To begin an economic analysis, the taxpayer has to select what the OECD refers to as “the most appropriate method,” which is known as “the best method rule” in the U.S. They have the same objective: to pick the method that is most organic to the service transaction.
How does a taxpayer select the most appropriate method? Remember, parts of transfer pricing are subjective and method selection is one of them. The most appropriate method depends on the comparability information that the taxpayer has access to: For instance, a taxpayer will want to compare an intercompany transaction to an uncontrolled transaction that works the same way. A company that sells management services to a subsidiary isn’t going to compare that to a manufacturer producing bottles for a soft-drink distributor. The pricing of the bottles has no bearing on intragroup services.
As with other types of transfer pricing transactions, a taxpayer will want to consider the quality and quantity of data and any assumptions that were made. For example, a U.S. parent may give services to subsidiaries in Poland and Romania. The taxpayer may assume that the markets are similar and may analyze the transactions under that assumption. The taxpayer also wants to examine how arm’s-length results change due to data deficiencies.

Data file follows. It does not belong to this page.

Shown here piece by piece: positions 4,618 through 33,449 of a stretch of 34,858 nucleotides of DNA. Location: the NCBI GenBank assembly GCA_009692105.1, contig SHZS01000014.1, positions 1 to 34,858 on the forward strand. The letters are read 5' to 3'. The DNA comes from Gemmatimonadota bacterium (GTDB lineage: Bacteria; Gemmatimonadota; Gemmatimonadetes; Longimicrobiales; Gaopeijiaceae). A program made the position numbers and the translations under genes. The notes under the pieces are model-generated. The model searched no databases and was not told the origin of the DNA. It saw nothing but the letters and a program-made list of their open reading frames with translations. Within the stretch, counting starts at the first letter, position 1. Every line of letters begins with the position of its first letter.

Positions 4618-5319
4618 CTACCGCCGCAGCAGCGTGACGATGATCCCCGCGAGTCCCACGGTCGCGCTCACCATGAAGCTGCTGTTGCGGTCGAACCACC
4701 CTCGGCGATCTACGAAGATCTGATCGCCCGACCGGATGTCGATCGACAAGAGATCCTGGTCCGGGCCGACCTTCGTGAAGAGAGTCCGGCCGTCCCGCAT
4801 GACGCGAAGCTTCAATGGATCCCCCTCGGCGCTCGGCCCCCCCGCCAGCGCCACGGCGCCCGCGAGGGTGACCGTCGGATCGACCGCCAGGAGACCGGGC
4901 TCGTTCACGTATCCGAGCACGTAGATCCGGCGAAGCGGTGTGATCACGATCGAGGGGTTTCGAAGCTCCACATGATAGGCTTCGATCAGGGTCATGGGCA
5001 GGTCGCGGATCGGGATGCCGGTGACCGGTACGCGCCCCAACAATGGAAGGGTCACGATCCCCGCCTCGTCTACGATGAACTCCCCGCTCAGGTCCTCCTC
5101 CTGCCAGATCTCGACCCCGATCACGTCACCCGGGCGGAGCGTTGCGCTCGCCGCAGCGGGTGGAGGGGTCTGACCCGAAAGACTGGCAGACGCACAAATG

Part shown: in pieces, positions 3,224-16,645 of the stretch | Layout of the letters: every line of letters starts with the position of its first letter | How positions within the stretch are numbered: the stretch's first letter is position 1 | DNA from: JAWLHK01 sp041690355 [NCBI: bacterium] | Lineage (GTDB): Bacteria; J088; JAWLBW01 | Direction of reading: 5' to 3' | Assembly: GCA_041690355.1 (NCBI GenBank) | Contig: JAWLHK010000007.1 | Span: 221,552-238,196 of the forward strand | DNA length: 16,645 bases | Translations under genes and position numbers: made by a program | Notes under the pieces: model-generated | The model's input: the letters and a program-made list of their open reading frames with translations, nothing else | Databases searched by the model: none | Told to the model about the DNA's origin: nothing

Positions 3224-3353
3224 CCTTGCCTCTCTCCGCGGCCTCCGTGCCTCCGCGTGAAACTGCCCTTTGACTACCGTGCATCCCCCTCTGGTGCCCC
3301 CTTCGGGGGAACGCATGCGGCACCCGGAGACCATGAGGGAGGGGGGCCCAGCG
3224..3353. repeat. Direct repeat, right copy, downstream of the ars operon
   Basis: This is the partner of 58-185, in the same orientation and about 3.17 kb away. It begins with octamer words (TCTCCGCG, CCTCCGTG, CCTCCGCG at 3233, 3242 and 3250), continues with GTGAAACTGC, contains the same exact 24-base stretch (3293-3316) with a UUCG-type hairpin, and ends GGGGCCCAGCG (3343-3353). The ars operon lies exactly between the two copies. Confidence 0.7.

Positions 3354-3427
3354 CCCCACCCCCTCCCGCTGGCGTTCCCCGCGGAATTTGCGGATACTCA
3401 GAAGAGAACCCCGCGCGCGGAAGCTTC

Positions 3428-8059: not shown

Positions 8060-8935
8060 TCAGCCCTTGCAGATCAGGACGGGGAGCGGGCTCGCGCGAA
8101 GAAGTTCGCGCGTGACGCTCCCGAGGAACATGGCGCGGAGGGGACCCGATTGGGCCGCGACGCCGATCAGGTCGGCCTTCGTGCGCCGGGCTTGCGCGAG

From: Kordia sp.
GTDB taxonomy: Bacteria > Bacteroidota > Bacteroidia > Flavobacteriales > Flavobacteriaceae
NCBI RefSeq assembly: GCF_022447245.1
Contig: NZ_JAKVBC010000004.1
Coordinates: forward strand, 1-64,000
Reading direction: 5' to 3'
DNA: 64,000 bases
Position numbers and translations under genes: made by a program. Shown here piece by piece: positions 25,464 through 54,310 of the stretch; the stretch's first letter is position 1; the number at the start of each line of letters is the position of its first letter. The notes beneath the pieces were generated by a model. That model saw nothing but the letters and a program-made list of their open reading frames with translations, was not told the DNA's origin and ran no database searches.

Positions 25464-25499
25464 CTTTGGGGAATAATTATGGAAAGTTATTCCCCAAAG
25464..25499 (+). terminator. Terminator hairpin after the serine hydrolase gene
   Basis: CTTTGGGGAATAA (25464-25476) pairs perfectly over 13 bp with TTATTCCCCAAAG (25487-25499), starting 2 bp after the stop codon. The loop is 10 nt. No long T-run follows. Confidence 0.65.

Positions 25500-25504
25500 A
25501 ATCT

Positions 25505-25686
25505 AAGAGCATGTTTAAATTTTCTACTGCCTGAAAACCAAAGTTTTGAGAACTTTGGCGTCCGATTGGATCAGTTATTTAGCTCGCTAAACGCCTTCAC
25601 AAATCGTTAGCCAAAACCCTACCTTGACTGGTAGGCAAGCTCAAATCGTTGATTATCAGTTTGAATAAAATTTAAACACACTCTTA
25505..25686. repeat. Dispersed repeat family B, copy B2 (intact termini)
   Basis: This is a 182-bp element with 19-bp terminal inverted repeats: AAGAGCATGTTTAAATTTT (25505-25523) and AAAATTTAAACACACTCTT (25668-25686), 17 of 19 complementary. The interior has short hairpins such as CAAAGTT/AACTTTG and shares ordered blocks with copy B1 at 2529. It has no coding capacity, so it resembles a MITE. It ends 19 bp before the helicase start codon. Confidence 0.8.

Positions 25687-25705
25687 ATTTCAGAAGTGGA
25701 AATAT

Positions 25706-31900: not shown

Then the taxpayer has to consider the information at hand. What are the strengths and weaknesses of each method in relation to the data? What does the functional analysis reveal about the nature of the controlled transaction? How reliable is the information about the unrelated parties?
Transfer Pricing Methods
For service transactions, there are six Transfer Pricing Methods, which are shown here.
Traditional Transactional Methods:
- Comparable Uncontrolled Price Method (CUP)/Comparable Uncontrolled Services Price Method (CUSP)
- Resale Price Method (RPM)/ Gross Services Margin Method (GSMM)
- Cost-plus Method (CP)/ Cost of Services Plus Method (CSP)
- Profit-split method
- Transactional Net Margin Method (TNMM)/Comparable Profits Method (CPM)
Services Cost Method
- For U.S. service transactions only.
Services Cost Method
In 2007, the IRS wanted to make things easier for taxpayers. It’s true! The compliance burden for low-markup services was great for multinational companies, and certainly the IRS didn’t have resources to waste evaluating transactions that weren’t going to pay out. The services cost method (SCM) was launched. The method can be used at the taxpayer’s choosing—if the service qualifies as a low-value service.